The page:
Newcastle Jets could be under new ownership earlier than expected, according to rumours Qantas is in talks with Nathan Tinkler to take over their A-League license.
Australia’s major airline has been a long-time servant to Australian football, having sponsored the Socceroos for almost a decade. With fears that last year’s failure to renew its sponsorship meant the airline wanted nothing more to do with the sport, it’s believed FFA CEO David Gallop will be eager to ensure the speculated deal comes to fruition.
Rumours suggest the Newcastle side will be aligned strategically Qantas’ low-cost airline, to cater for Newcastle’s poor median socio-economic status. An anonymous source told For Modern Football that the franchise will be undergoing a rebranding as part of this process, becoming the “Newcastle Jetstars” as of next season; “the name has already been copyrighted, and a Twitter account is being held… it is all but official.”
The Newcastle Jetstars will continue to play at Hunter Stadium, where Qantas will run free shuttle buses to and from Newcastle Airport in an attempt to target away fans and tourists whose flights are diverted from Sydney’s Kingsford-Smith Airport.
Our source reveals that the airline is keen to tap into the well-traveled A-League supporter market in a bid to revive flagging domestic sales.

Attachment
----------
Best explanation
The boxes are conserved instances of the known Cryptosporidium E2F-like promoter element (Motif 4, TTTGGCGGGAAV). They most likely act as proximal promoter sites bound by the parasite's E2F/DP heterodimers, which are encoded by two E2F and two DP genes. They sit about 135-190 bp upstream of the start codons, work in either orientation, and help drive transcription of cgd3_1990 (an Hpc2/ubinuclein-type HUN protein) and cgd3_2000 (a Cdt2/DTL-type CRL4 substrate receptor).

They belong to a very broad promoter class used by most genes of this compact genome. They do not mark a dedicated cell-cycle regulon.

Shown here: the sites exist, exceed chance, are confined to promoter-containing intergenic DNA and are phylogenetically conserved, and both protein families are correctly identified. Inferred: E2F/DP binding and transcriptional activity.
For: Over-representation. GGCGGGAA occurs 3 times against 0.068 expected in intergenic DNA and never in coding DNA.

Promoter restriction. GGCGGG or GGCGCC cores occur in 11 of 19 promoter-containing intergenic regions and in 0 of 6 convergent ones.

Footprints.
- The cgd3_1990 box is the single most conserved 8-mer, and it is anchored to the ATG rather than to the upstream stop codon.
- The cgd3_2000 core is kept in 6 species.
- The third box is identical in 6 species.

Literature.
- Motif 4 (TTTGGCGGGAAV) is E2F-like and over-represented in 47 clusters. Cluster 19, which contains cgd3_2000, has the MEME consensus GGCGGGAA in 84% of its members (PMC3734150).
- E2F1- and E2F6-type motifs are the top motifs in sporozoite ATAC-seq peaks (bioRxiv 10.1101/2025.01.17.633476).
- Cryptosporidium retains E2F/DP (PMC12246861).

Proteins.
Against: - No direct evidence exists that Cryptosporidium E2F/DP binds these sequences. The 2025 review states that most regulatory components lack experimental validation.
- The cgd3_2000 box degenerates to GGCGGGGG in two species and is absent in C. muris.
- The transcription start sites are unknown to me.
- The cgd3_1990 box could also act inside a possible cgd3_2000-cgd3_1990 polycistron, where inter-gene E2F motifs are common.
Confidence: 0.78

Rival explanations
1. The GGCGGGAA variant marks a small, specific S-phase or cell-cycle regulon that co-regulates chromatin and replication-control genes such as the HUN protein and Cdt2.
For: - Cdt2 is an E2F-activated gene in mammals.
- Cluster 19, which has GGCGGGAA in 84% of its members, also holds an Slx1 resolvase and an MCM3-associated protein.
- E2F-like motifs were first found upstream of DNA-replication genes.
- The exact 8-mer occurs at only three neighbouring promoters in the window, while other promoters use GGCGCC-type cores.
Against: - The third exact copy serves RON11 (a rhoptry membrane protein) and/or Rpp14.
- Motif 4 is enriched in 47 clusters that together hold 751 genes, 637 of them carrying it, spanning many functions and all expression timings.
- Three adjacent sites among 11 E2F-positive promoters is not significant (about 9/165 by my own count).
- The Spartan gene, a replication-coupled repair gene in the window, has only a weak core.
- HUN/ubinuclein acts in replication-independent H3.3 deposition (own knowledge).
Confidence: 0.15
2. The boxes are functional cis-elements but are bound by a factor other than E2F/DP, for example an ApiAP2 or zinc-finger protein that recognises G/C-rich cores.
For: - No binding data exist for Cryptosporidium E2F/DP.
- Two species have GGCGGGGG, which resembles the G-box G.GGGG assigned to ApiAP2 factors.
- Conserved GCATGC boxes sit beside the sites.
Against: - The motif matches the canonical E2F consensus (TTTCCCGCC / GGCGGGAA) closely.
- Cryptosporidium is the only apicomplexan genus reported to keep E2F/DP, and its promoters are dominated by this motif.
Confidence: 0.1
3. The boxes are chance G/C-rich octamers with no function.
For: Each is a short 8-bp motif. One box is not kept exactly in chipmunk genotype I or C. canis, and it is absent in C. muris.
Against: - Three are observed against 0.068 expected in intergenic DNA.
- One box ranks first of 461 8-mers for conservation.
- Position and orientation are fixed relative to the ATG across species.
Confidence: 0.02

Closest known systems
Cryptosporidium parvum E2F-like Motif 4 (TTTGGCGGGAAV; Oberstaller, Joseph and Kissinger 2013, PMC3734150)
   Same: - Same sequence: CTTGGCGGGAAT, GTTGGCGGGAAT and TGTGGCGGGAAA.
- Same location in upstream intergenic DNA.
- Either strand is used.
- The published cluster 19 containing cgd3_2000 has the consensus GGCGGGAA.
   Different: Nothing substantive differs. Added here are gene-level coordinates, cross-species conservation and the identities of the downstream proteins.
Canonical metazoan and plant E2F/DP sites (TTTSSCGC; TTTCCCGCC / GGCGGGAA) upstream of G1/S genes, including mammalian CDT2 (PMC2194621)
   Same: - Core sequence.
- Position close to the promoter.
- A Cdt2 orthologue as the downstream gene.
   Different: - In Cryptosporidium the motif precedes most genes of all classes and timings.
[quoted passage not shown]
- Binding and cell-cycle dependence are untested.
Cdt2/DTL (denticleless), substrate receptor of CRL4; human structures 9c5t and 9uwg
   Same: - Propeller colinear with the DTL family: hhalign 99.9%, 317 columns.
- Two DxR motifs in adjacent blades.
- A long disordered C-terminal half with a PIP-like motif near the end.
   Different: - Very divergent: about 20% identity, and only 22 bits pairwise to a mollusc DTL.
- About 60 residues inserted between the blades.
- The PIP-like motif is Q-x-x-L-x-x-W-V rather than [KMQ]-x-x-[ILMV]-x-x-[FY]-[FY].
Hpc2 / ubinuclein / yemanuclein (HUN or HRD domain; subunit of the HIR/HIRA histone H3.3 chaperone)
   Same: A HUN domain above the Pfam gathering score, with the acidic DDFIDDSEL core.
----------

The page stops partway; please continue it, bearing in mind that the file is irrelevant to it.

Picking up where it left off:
“Qantas has seen first hand what the Wanderers fans can do, after their recent appearance at Sydney Airport, and we are hoping that we can tap into their lucrative away support market with this Newcastle acquisition.”
Leaked photos suggest that Qantas are planning on changing Newcastle’s colour scheme to orange, in line with Jetstar. Our anonymous source says the Jets are already in heated legal discussion with the Brisbane Roar about this proposition.
“Brisbane’s clear ethnic ties to Hollandia are blatantly advertised in their use of orange, and this should not be allowed,” the source said.
“The Jetstars, conversely, will be able to wear orange with pride, representing the business which backs the very foundations of our club and fills the players’ wallets…”
Although Qantas has recently suffered record losses, and amidst concerns regarding their inexperience operating a football club, it’s believed Qantas CEO Alan Joyce is confident his ability to handle a business “in the red” will provide invaluable experience for A-League ownership.
This will represent the A-League’s second takeover/rebrand in 2014, following Manchester City’s purchase of Melbourne Heart. The two clubs will first meet at AAMI Park on October 19, with fans already talking excitedly about the inaugural “11th Hour Bailout Derby”.